Afghan Aid Handed Out, With Charges of Favoritism

With no home, no husband and no prospect of a job, Shalla is sure she is due a share of the food flowing from an outside world finally ready to feed the hungry maw that is Afghanistan.

But the 28-year-old with three daughters complains that she received only a 1-pound bag of flour in the first citywide distribution Monday, while others trundled home with carts laden with wheat, oil, lentils, blankets, buckets and all-purpose tarpaulins.

"It all goes to the wakils," the shrouded widow said, blaming the village elders who influence relief workers in the division of supplies. "They make the lists and provide for themselves and their families first."

Aid is suddenly making its way into this country racked by occupation, civil war and bloody power struggles for the last 23 years. The Soviet-built Friendship Bridge from Uzbekistan was grudgingly opened Sunday by the government there. Food is arriving via roads from Iran and air shuttles from other neighboring countries to feed a hunger shared by a third of Afghanistan's 25 million people. Even though access is expected to improve daily, roads remain vulnerable to bandits and armed stragglers, U.N. spokesman Yusuf Hassan said.

Still, the simultaneous arrival of belated aid and subfreezing temperatures has forced relief workers into a hasty triage. Some recipients bemoan what they see as less than what they deserve, while others sell the supplies to earn money to buy what they want.

Organizations such as Care International, the U.N. World Food Program and the Afghan agencies that are their partners are steering new jobs toward women, especially widows, who were often left hungry and hopeless by the Taliban, who considered them an underclass. Aid is also being aimed at rural communities hit by drought to prevent the perception that Kabul, the capital, is the main recipient of the world's sudden largess.

"If this happens, the rural people will flee to Kabul and we'll have a worse IDP problem," said World Food Program manager Fayyaz Shah, using the agency shorthand for "internally displaced persons."

The focus on hiring women for the thousands of jobs in need assessment, supply coordination and distribution is nothing new for the humanitarian aid groups that have been active in Afghanistan throughout its recent tumultuous decades. But in the wake of the brutal Taliban regime, which forbade women to work or even venture outside the home without a male relative as an escort, the need to elevate women's rights and opportunities is all the more pressing, relief experts say.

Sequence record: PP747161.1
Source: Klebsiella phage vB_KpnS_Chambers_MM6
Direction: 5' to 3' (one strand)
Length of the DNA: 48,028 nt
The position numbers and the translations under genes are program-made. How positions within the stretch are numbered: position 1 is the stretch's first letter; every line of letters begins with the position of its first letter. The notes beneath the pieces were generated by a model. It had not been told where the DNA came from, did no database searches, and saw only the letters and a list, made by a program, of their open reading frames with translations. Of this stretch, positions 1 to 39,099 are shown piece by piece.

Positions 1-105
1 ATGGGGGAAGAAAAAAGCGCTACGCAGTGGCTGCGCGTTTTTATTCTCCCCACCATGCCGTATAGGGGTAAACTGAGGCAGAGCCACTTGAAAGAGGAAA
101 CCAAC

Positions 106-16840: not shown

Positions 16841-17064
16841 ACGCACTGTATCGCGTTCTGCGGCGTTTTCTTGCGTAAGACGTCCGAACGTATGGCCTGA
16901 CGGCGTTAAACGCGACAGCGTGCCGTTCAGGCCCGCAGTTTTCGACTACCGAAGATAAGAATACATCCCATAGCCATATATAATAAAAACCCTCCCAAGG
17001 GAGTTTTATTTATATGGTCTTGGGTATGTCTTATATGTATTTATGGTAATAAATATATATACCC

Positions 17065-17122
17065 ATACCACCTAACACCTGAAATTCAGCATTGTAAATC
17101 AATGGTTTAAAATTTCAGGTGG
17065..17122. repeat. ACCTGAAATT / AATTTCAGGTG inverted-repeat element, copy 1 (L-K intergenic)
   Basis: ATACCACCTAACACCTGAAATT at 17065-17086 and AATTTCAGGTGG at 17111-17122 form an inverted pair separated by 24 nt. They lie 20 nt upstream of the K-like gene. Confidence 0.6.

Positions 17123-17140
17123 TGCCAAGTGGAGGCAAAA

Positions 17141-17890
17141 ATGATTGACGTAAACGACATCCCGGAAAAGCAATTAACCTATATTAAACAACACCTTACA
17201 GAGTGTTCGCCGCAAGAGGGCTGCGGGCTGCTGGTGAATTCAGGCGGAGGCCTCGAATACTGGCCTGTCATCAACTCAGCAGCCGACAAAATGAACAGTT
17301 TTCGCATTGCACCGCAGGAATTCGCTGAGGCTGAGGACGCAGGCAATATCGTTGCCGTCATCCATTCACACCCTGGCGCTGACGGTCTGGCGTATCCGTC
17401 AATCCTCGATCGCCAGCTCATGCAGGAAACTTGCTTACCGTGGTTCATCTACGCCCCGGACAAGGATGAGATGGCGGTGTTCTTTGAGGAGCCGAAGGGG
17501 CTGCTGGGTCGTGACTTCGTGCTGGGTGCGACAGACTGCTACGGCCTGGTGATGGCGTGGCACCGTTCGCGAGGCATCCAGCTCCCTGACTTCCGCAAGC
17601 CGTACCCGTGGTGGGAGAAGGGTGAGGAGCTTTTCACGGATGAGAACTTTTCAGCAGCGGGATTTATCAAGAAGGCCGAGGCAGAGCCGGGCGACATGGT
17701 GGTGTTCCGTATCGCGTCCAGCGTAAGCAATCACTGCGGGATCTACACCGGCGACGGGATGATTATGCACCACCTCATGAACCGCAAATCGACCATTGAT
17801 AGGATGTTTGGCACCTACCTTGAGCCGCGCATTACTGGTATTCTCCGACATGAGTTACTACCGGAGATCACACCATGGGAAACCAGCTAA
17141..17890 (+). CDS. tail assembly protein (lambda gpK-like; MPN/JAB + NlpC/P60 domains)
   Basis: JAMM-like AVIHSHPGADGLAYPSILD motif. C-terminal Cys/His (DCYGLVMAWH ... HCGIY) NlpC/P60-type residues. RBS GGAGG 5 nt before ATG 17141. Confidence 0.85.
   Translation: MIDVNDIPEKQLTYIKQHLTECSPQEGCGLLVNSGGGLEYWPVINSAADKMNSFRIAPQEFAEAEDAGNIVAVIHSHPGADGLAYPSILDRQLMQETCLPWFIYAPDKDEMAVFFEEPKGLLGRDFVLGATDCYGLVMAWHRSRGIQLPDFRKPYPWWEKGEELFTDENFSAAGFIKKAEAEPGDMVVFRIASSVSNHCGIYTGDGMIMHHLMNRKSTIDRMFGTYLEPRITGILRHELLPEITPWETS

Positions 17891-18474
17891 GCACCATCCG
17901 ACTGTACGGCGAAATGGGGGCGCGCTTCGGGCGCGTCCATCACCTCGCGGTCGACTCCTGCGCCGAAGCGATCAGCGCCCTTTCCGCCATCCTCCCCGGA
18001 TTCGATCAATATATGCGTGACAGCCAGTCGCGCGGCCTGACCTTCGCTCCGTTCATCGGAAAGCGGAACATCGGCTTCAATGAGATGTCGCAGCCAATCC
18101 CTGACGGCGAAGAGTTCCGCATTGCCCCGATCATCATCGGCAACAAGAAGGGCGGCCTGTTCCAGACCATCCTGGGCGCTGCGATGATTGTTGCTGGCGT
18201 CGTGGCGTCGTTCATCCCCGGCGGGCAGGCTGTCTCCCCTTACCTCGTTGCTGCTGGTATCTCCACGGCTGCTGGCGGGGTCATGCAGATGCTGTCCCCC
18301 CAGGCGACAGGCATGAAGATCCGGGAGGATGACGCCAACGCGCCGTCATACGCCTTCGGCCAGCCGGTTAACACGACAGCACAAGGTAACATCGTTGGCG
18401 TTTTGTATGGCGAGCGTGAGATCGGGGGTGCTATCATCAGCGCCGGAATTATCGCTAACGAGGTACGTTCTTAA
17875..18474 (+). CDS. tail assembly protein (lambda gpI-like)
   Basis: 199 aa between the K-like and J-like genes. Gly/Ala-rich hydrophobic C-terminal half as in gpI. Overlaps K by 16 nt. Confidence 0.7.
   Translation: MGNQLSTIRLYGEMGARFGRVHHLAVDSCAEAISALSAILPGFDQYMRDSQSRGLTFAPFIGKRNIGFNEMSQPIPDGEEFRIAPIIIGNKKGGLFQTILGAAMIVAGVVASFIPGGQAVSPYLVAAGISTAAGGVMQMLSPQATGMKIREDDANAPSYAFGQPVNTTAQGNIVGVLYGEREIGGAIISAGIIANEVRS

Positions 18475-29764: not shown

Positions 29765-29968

The World Food Program employs 3,600 women to make pasta in their homes for delivery to other needy families around the country. A similarly sized network of widows' bakeries will resume later this month after it was suspended because of the U.S.-led bombing that began Oct. 7, said the emergency project director, Laurent Saillard.

At the Agency Coordinating Body for Afghan Relief, program officer Shoaib Harris said he has received hundreds of applications from English-speaking, computer-savvy young Afghan women for two new jobs. The hunger for knowledge fostered a thriving network of clandestine girls schools whose students' skills are now sorely needed, Harris said.

For many Afghans, though, the quest for female emancipation takes a back seat to simply surviving the winter.

Abdul Aruf, his wife and their eight children know nothing about the affirmative action behind the windfall they carted away to an abandoned hovel where they have been squatting for three years. Although two of the three people who peered in a few days ago to assess their eligibility were women, all Aruf said he noticed was the precious green card they left authorizing the maximum handout.

A toothless, wizened patriarch who looks half again as old as his 50 years, he said it would take him months to earn enough as a porter at Kabul's central market to buy the relief goods he took home Monday.

Does the worldwide focus on Afghanistan and its repressed women give him hope his wife and six daughters might one day secure jobs and escape poverty? "If God is kind, this could happen," Aruf said with more amusement than expectation.

Mindful of the damage Taliban rule inflicted, other agencies have sought to ease the deprivation of war widows by providing them with seeds and tools for kitchen gardens.

But getting women in meaningful numbers into the work force is an objective that will take years, if not decades.

"Women are still forbidden to work in some districts of Kabul, and some who try to step out of traditional roles are treated badly," said Eid Mohammed, a field assistant for a UNICEF-funded aid center.

After an abortive attempt to distribute aid Saturday, when 9,000 thronged the open-bed trucks dispatched to supply them, Monday's handouts were made with regimental order. Armed and baton-wielding guards formed the burka-clad women and roughhewn men into lines that snaked hundreds of yards over parched, dun-colored flatland. The only deviations were the occasional sales of relief goods to flocks of traders.

"Not everyone wants wheat. Maybe he wants to pay his rent or buy shoes," said Wahiddullah, a 25-year-old father trained as a blacksmith but able to earn twice as much buying the wheat, getting it milled and selling the flour at a 20% profit.

Though intended to fill stomachs instead of pockets, the aid is nevertheless having its desired effect, said Shah of the World Food Program. "We look at it as an income transfer."